Last year, the Rapids were plus-4 with 42 scored and 38 conceded, and the lower goals-allowed total in 2010 is a major factor in the Rapids’ rise. Paired in central midfield with Mastroeni, Larentowicz has performed at All-Star caliber, and the acquisition of Wynne from Toronto two days before the start of the season soon yielded another tough duo when Smith moved him into the middle alongside Drew Moor instead of his normal position of right back.

“We ended up making the [trade] on Thursday,” recalls Bravo. “On Friday, Marvell’s with us in LA and starting at center back [against Chivas USA] and was fantastic. We kind of slotted him in and out and he’s done very well.”

Kosuke Kimura has kept his right-back slot, for the most part, and all concerned seem pleased with the alignment.

“It’s been a lot easier than I expected,” says Wynne, who came to Colorado from Toronto in exchange for midfielder Nick LaBrocca in one of the many moves engineered by Preki before he was dismissed as TFC head coach. “I’m not going forward so much and working on my passing both long-range and shorter. Communication was quite difficult to start off with, but the way Drew Moor and Kosuke Kimura helped me on my first day really got me into the groove of things.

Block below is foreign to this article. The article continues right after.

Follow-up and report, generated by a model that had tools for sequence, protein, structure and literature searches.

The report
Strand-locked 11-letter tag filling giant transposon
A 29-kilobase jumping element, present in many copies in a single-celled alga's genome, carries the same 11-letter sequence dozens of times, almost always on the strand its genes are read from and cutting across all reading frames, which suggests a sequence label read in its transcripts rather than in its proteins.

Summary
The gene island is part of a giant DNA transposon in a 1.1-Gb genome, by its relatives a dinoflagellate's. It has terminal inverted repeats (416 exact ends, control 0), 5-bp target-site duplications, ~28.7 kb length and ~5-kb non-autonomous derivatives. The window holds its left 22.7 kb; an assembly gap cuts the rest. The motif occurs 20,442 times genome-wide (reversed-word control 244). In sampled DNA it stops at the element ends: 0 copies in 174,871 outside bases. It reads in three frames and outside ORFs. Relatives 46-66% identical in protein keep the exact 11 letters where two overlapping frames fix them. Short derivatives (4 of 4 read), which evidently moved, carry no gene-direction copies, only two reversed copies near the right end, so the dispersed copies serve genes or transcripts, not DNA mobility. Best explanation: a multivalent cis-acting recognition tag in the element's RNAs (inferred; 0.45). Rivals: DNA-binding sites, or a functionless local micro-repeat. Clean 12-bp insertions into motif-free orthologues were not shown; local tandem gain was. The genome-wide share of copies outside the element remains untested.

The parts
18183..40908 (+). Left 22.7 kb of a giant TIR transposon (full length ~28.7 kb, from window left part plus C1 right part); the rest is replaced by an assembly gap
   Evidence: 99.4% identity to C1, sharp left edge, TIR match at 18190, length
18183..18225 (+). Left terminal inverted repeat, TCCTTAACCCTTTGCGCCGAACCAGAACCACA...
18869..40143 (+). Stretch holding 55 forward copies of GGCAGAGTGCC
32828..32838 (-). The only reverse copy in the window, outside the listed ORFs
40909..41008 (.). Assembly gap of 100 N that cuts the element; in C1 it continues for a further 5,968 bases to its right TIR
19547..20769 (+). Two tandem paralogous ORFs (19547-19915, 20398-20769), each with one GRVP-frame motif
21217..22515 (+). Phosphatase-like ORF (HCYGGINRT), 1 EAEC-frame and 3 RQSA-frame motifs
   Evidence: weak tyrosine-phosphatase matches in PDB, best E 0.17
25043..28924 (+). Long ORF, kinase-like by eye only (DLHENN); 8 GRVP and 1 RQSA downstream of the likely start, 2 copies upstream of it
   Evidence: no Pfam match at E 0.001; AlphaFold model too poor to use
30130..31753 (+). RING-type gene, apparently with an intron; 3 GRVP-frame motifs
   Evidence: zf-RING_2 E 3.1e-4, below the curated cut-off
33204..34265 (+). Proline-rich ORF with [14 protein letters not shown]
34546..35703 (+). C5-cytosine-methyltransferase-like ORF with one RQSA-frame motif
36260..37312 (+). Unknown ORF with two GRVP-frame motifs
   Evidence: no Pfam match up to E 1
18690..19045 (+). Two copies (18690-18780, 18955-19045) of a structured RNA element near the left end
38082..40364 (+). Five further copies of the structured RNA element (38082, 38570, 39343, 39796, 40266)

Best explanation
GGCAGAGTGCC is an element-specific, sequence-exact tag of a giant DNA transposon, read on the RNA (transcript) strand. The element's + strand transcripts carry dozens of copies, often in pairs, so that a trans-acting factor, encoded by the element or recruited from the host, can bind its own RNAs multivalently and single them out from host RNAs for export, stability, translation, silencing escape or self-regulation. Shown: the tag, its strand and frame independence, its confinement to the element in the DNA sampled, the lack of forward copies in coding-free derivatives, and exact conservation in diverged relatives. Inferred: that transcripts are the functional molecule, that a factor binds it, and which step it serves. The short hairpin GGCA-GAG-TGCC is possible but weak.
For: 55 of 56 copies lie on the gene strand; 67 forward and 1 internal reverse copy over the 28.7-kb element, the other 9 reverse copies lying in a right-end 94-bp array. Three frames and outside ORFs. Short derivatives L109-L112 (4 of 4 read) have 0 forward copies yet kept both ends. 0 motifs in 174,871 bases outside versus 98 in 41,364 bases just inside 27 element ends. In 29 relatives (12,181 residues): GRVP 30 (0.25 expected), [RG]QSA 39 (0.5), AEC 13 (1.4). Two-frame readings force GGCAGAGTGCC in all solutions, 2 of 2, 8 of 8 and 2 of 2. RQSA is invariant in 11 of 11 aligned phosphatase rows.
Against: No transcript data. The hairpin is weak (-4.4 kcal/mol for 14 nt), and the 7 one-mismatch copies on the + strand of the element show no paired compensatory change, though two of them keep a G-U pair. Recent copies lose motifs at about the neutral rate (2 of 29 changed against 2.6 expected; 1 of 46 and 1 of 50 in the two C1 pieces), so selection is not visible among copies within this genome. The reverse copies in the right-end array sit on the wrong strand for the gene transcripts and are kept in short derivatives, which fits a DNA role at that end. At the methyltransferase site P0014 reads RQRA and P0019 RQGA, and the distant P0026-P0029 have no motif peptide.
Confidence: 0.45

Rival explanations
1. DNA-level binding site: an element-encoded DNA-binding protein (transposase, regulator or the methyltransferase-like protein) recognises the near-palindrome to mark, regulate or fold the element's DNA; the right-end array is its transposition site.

“It may go unnoticed, but Drew’s heading is phenomenal, and so is his leadership. When he moves, I move, and I’m confident that if I make a mistake he’ll be there to clean up, and he has the confidence in me so if he goes up for a ball I’ll come in to help out. That partnership has really been able to develop.”

Moor has also played every minute in every league game, with astonishing stats of just 13 fouls and one caution.

A team with Conor Casey and Omar Cummings – combined totals of 23 goals, five assists -- is already strong offensively, yet Smith swung trades to nab midfielder Mullan (from Houston) and attacker Kandji (New York) just before the trade deadline. Smith prefers Cummings and Kandji up front, though both of them have been used in wide midfield roles, which is where Mullan has excelled for most of his nine MLS seasons, and Jamie Smith has contributed a team-high eight assists.

“Both players are probably better up front,” says Bravo. “Mac had a lot of time in New York as a midfielder and kind of slotted in up front, but when we watched him and talked about him, we always thought he’d be a better forward option. Running around and causing havoc on the front line is always where Gary and I thought he’d be best.

“It’s kind of the same thing with Omar. We’ve tried him wide and he’s done some good things, but when we moved back to 4-4-2 and played him up top with Conor is really when he exploded and that’s when he was at his best last year as well.”

And that’s about all the talk of last year this team wants to hear.

Says Bravo of being so close but not quite there, “We can’t take anything for granted. The approach of the staff is, ‘Let’s go out and win the next game, and worry about everything else once the season’s over.’”